– Frax
    Commented Oct 7, 2020 at 15:11

Interesting question, I gave it some thought and came up with the following situation in which 2 branches which are independently correct, result in a merge which breaks the build.

Suppose in the 2 branches a function/procedure with same name and signature is added to a class. However this is done in different locations or even different files. The resulting merge will result in a class with 2 identical functions/procedures and will therefore give a compile-error.


Another problem scenario is that the original program performed a safety check in both a private function, and in its calling code. Branch A removes the check from the function, and branch B removes it from the calling code. Both branches will perform the safety check once, would for most purposes be an improvement over calling it twice, but merging the changes will cause the safety check to be omitted altogether. A test for safety-check behavior would thus pass on both branches, and the merged code would appear to work fine if the checked condition never arises, but code would no longer be protected against the condition that was supposed to be guarded by the safety checks.


Let's look on how to prevent the problem. As mentioned in the question, CI (typically) reruns after every commit to the default branch, including merges. Some of the answers already explain how things can break.

Some other answers suggest a dev branch and fast-forward the main branch only when the CI is stable on dev. But this would require additional manual intervention and can become a hassle on a big project.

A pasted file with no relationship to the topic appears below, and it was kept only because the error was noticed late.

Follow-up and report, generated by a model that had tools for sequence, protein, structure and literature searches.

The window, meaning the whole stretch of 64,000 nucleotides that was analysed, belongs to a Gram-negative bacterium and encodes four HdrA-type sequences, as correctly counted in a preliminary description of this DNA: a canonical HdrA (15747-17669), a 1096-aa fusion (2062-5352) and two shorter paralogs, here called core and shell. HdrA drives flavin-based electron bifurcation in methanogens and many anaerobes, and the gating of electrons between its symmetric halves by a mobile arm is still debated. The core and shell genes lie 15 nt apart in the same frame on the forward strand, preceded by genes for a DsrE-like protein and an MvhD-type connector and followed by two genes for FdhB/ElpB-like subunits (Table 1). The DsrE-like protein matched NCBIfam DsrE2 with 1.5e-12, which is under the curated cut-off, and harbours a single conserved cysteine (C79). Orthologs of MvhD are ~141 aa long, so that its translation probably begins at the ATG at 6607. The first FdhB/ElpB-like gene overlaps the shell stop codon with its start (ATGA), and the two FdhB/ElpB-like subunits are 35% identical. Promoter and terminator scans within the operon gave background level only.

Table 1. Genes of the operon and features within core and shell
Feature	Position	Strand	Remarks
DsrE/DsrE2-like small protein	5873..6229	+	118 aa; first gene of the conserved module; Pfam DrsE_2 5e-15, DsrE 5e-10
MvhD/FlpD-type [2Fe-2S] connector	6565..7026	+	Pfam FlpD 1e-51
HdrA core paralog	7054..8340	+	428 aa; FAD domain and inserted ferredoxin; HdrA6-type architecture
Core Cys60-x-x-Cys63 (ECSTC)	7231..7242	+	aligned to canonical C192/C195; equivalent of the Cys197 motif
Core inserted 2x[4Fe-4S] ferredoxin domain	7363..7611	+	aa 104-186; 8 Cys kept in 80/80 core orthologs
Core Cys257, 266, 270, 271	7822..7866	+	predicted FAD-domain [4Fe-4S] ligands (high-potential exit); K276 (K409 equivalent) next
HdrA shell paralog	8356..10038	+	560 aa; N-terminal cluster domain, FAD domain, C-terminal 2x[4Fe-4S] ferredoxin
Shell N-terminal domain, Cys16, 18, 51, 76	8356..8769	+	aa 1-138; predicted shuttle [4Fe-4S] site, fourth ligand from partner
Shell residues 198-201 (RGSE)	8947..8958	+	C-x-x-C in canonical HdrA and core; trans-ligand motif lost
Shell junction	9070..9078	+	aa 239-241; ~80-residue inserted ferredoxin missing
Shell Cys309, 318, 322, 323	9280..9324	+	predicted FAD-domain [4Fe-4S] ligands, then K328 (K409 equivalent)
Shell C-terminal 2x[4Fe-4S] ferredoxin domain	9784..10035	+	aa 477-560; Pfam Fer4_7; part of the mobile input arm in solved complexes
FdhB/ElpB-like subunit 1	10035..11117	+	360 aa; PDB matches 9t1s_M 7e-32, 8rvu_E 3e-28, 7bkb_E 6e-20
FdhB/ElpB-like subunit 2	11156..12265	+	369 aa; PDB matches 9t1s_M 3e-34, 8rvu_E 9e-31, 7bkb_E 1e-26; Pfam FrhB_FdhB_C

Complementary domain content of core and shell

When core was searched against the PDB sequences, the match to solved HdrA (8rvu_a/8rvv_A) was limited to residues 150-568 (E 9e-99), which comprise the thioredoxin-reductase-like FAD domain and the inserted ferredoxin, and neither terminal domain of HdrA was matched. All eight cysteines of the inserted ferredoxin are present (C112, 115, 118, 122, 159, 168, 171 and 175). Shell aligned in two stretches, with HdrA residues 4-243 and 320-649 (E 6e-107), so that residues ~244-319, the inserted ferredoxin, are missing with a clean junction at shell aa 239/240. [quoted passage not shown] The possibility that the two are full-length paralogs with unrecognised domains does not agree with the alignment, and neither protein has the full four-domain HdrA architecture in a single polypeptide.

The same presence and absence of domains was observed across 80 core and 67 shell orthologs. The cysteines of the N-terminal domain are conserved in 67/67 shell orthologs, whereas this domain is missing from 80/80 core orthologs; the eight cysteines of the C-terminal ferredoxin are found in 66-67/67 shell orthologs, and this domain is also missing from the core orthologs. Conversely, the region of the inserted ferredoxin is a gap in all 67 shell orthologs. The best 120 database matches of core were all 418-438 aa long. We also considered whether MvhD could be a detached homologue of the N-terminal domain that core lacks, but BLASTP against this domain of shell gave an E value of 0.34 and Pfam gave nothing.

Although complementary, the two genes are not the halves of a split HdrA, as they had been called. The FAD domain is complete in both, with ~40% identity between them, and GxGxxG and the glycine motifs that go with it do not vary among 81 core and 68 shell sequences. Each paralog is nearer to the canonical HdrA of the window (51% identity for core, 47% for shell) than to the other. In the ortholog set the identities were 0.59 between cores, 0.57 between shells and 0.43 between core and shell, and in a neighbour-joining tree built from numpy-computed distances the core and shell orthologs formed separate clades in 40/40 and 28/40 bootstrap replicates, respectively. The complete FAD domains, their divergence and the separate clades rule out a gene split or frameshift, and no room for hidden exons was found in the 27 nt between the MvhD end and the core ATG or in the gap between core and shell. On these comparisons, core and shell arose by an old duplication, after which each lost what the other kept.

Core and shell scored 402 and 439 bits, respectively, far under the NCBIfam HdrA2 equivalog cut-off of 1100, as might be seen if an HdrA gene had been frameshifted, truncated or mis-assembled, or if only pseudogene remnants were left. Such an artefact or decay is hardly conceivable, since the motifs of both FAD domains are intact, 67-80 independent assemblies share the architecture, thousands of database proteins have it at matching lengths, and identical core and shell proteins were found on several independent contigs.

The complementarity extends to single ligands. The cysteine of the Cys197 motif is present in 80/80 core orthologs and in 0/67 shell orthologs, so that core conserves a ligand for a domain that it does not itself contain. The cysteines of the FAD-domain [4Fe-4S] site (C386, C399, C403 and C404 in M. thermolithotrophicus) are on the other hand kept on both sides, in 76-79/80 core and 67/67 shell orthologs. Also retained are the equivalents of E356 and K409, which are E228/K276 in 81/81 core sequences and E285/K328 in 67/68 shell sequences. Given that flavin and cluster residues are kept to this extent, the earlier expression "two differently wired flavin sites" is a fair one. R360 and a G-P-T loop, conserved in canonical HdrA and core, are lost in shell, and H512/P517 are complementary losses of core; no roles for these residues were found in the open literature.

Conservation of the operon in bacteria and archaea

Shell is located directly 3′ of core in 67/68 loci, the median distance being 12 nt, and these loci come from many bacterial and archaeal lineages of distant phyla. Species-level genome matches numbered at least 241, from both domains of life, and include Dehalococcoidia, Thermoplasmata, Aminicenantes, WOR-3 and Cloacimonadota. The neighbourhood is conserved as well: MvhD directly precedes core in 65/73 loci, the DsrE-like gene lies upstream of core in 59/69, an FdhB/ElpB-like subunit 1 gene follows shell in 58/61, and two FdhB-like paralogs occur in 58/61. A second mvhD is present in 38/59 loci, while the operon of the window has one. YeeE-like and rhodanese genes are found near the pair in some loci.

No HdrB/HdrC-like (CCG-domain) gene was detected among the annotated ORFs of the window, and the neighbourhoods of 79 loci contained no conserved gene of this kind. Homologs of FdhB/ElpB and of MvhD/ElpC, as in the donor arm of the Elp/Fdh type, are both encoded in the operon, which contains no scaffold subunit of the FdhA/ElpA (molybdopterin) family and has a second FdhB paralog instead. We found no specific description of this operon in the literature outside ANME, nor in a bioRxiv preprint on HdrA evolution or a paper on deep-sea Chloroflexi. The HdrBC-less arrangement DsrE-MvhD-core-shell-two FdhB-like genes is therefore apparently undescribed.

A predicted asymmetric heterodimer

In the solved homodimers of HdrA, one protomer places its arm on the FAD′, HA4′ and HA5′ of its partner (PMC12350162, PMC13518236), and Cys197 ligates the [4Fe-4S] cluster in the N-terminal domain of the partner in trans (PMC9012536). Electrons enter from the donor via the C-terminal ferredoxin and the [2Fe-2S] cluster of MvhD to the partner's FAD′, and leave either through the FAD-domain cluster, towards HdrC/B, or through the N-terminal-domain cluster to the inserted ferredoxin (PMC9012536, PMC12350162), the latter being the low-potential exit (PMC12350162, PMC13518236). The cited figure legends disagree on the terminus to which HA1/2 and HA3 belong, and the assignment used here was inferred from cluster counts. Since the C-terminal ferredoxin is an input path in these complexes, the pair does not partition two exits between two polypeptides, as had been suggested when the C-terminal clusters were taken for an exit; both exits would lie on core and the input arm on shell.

And then there is the Bors-ng tool:

Bors is a GitHub bot that prevents merge skew / semantic merge conflicts, so when a developer checks out the main branch, they can expect all of the tests to pass out-of-the-box.

Basically, accepted pull requests are merged with the main branch in a temporary branch. When CI passes, the main branch gets Fast Forwarded to the temporary branch. It is quite feature complete and supports reviewers, batching of builds, queuing (when it gets really busy) and (I believe) most CI providers.

Disclaimer: I have no affiliation with this product, just a happy user.


Of course there is no guarantee. The examples are legion.


It is not unreasonable to assume that unrelated, isolated changes are unlikely to break anything. Performance improvements in a backend algorithm are unlikely to change the database interface. This is the same assumption that's underlying the paradigm of unreserved checkouts/parallel development of which git is a prime example: Hopefully the team communicates well and organizes work packages in a fashion so that they do not conflict, or, if that is impossible, organizes conflicting work so that the arising problems are predictable and handled proactively. (Then, ideally, we know that a naive merge is broken.)

  • The problem can be mitigated some of the time if team members can pull each other's branches, then do a merge locally to run unit tests on the merged result. That way, they can be sure that the current state of the repository won't break any tests when the pull requests are merged. Of course, there's still no guarantee that future commits or branches won't break any tests, but all team members can collectively agree to do unit tests locally on merged results always before pushing a new branch or opening a new PR. (Nice answer btw.)
    – ADTC
    Commented Mar 3, 2022 at 7:53